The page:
Ultimately I suppose the way to square the stated shortage of certain high skilled labor in NZ is that those are growing fields everywhere on Earth. There are shortages of those folks everywhere. Both large & small countries try to fill the need for more bodies both by home-grown and by imported labor. The US certainly has its skilled labor import processes such as H-1B visas.
In NZ’s case the absolute size of the shortages are small on a global scale and so might easily be fulfilled by importing a globally negligible number of people.
Ultimately, I suppose it’s the union labor guy in me that gets confused when any employer can’t find the employees it wants. If you’re not getting what you need, pay more. Or train the skills you need. It isn’t rocket science. ISTM management totally believes in supply and demand, market elasticity, and all the rest as applied to all of its business’s inputs and all of its outputs. Except labor, where they seem to think it’s their birthright to find the right skills growing on trees in great abundance for nil cost.
My mother-in-law has lived in Auckland for about 25 years. My wife and I live in the U.S. and visited her 20 years ago for a couple weeks. Drove around the north and south islands.
My impression? An absolutely beautiful country, and the people seemed very nice and laid back. I would love to go back for a visit. But I can’t think of a good, practical reason for wanting to move there. Anything I can do or see there, I can do or see in the U.S. Plus my money goes a lot further here.
I’ve lived all over the world, usually without a preview. I’ve previewed New Zealand for three weeks, and I’d move there readily, given prospects and financial ability.
I’ve not been to the UK, but I suspect that New Zealand is more similar to the USA than to the UK. I don’t mean “Trump” or “Never Trump,” but actual, daily life for most people on most days.
I also have family friends and my own friends in New Zealand that kind of confirm my beliefs. And this is going to be kind of strange as an American, but I’ll say that New Zealand is pretty much Ontario, Canada, with more geography and without Toronto (because Toronto is Sydney, Australia).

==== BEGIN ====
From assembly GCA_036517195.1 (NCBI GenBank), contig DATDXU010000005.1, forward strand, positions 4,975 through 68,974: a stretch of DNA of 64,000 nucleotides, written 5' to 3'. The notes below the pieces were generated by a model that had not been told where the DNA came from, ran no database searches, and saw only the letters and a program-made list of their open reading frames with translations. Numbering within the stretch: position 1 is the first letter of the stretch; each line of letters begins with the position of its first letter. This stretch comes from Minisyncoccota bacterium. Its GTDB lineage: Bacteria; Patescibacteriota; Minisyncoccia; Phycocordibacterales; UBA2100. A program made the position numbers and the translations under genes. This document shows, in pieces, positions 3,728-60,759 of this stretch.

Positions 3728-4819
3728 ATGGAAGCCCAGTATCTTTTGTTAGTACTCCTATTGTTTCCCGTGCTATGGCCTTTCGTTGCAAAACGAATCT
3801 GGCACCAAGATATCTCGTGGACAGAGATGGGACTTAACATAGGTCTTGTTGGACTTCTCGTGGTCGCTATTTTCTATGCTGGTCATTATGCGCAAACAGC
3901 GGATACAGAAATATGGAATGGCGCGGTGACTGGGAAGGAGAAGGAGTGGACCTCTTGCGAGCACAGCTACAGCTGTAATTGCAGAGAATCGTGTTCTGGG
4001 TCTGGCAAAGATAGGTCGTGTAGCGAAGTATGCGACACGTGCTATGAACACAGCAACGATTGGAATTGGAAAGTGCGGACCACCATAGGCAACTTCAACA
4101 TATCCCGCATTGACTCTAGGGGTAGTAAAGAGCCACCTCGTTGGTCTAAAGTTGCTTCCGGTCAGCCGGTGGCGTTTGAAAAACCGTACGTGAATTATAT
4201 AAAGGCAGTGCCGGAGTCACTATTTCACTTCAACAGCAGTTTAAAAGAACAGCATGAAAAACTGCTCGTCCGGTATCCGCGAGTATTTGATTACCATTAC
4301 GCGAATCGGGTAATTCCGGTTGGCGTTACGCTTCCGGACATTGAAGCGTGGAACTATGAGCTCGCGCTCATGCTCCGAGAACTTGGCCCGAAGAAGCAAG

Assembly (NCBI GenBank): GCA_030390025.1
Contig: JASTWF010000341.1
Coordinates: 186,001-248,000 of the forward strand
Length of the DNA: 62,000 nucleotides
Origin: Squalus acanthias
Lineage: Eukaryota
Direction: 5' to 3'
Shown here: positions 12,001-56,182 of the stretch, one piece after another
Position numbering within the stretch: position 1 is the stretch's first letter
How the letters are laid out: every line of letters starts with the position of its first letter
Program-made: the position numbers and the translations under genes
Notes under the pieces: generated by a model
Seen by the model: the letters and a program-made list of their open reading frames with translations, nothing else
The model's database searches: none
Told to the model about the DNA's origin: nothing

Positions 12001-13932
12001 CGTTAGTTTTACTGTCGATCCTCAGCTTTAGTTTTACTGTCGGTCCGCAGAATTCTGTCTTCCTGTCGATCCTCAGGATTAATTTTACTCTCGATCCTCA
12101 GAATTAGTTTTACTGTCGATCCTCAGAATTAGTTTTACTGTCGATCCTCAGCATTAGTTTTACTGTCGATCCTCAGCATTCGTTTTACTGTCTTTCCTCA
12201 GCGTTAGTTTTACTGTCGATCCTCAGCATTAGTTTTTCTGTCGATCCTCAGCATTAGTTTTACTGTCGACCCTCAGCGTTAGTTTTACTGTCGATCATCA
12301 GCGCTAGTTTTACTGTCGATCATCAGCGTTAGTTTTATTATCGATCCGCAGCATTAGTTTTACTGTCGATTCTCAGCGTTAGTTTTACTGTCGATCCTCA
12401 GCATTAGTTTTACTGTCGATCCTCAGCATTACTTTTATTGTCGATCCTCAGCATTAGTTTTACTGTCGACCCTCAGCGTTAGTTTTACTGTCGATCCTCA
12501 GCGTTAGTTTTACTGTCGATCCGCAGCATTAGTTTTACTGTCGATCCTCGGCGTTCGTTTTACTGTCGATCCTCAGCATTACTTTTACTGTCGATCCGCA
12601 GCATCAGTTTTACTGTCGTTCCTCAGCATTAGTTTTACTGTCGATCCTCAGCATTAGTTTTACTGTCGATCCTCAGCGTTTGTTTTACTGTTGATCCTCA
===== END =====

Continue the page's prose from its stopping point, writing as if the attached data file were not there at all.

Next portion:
Really, I should visit the UK. Having been to a lot of ex-UK colonies, one would think I’d understand the UK, but Australia, South Africa, New Zealand, Canada, seem a lot more American than European, so maybe Brexit isn’t wrong.
QFT. My parents sold their house in Culver City in 1976 for $69K. It’s currently valued at $1.633M. We bought our condo for $159.9K in 1984. Comparable townhouses are going for $800K now. It’s insane. And if we sold and wanted to stay in our neighborhood? We’d have to buy a small crappy crackerbox, with maybe 2 BDR and 1 BA.
If your parents had taken that $69,000 and immediately dumped it into the S&P500, they would have $8.2M right now so real estate inflation isn’t that crazy at all.
Nah, they dumped most of into a house in AZ.
…are not the UK. Alien as all those countries are, my n-generation Australian friends have told me that people from those countries are all colonials when you meet them in London. It’s only the English that you find foreign.
I’m curious now - in what way? And which parts of South Africa did you visit?
Yeah, pretty much this, which I find ironic.
And, I still haven’t leart to multiquote. In South Africa, I dealt with white people for the most part, and that’s South Africa’s problem, not mine. The white people are also divided, though, between the English and the Afrikaans. By “American” rather than “European,” though, I mean the pioneer attitude and the love for hunting, on the plus side. On the negative side, the politically correct racism was just like us.
WTF is politically correct racism???
For example, “I have nothing against black people, but black people always hate white people because they’re white.”